Risa Darlington-Horta

Senior Alicia Scott helped her team win by drawing the offensive foul that gave her team what ended up being the game-winning possession. She also set up the game-winner by attracting the defense to the corner and away from clutch shooter, Natalie Suri. Photo by Risa Darlington-Horta.

Some victories are sweeter than others

Girls varsity basketball team ends the first half of district season with a comeback win they will never forget

Risa Darlington-Horta
Alicia Scott and the Knights soared to new heights because they stuck together, played with enthusiasm and made a high percentage of their free throws. Photo by Risa Darlingon-Horta.

With less than 30 seconds remaining in a close game that the girls varsity basketball team felt it simply had to win, junior guard Abby Robison sat on the bench. She had been relegated there after getting her fourth foul about a minute earlier.

Thanks to a Makayla Mason’s free throw just seconds earlier, the score was tied. Mac 31 Navarro 31. 

Like all of her teammates, Robison felt like they … simply … must … win … this game.

Through the first half of the district season, the girls varsity basketball team had suffered through a lot of adversity — on the court and off it. Not only were they winless in district play, but they also had to take their team banner down after a controversy that escalated all the way to the superintendent’s office. Their roster, both varsity and JV, had shrunk for a variety of off-court reasons.

“I think we were starting to lose faith,” Robison said, “but instead of giving up and falling under pressure … we really came together, and we came out [Friday night] determined to win.”

Early on, the determination was there, but the results weren’t.

Risa Darlington-Horta
Things weren’t looking that great for Fayth Schumann and the Knights early in Friday nights’s game. The team trailed by five at the half and was still behind entering the fourth quarter, but Schumann and her teammates’ refusal to give up paid huge dividends in the final quarter. Photo by Risa Darlington-Horta.

It looked early in the game that the Knights were destined to let their another opportunity slip away. At halftime, they trailed by five. Entering the fourth quarter, they had moved closer to the Vikings, but they still trailed. 

With one quarter left to play, the Knights regrouped for one last run at a win that would end the first half of the district season on a positive note.

I was having trouble staying in my seat and keeping my cool.

— junior guard Abby Robison

While she had been on the court, Robison had done much to help her team have a chance to win. She scored nine points, grabbed four rebounds, made two steals, deflected two passes and even blocked a shot. 

Seated next to teammates Ruby Del Valle and Abby Soto on the bench, all Robison could do now was exert energy and cheer for her teammates in the hopes that they could feed off of her enthusiasm.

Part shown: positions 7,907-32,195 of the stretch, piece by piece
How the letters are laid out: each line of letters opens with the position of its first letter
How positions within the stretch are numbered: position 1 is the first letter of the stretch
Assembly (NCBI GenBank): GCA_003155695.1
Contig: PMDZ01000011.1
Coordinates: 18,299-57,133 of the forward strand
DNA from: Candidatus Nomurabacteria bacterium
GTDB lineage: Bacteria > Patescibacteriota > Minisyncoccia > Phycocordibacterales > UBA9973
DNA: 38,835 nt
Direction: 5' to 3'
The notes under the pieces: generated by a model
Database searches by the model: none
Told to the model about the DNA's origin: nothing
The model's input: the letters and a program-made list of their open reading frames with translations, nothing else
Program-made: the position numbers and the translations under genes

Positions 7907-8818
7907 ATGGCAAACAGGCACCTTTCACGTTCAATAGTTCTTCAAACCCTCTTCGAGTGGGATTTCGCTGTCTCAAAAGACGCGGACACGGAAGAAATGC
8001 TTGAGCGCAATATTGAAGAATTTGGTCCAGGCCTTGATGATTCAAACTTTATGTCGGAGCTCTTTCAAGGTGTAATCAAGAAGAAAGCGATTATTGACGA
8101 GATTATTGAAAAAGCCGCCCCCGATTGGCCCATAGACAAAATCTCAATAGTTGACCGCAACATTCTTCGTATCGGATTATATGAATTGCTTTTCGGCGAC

“I think we were more nervous than the players on the court,” Robison said of the players on the bench. “I was having trouble staying in my seat and keeping my cool. I was screaming my head off for the last few minutes.”

On the court in the last minute of play, the Vikings committed an offensive foul for pushing point guard Alicia Scott. Drawing the foul was an effort play by Scott, one that won’t show up on the stat sheet, but the hustle play gave the Knights the ball back, and it stopped the clock, which gave the Knights a chance to call a timeout to discuss what to do with the next 20 seconds and the chance to change the subject of a heretofore frustrating season.

Our main focus was not to let them score in the last few seconds.

— junior forward Natalie Suri

The plan was simple: hold the ball and run clock unless you get a really good look at the basket.

Shooting guard Fayth Schumann said that Coach Campbell told them not to rush into a shot but to get a good one if possible.

“There was no set play,” forward Natalie Suri said. “Our main focus was not to let them score in the last few seconds because it was a tie game.”

Suri inbounded the ball to Scott just inside the timeline and then made a right turn to the top of the key. Scott meanwhile dribbled along the sideline in front of the Knight bench in the path to which Coach Campbell pointed. If Campbell had been chewing gum, Scott would have been able to determine its flavor. They were that close to each other as the clock wound down.

Scott dribbled in the direction of Schumann who was about two feet shy of the corner where the sideline meets the baseline. 

“I’m pretty sure [Coach] wanted Alicia to draw the defenders to one side by driving and passing to Fayth to make Natalie open at the key so she could bust out a shot,” Robison said.

Risa Darlington-Horta
Makayla Mason made a critical free throw in the fourth quarter to tie the game at 31. It was the teams 19th made free throw of the game. The Knights’ accuracy at the charity strip proved essential to their victory. Photo by Risa Darlington-Horta.

It was a good plan. The defense was likely to (a) follow the ball and (b) keep an eye on Schumann, who was the only Knight scorer in double digits with 12. At that point in the game, Schumann did not yet have an assist.

Just like Coach Campbell wanted, Scott threw a short pass to Schumann who met the ball and found Suri open in her sweet spot to shoot: just inside the top of the key.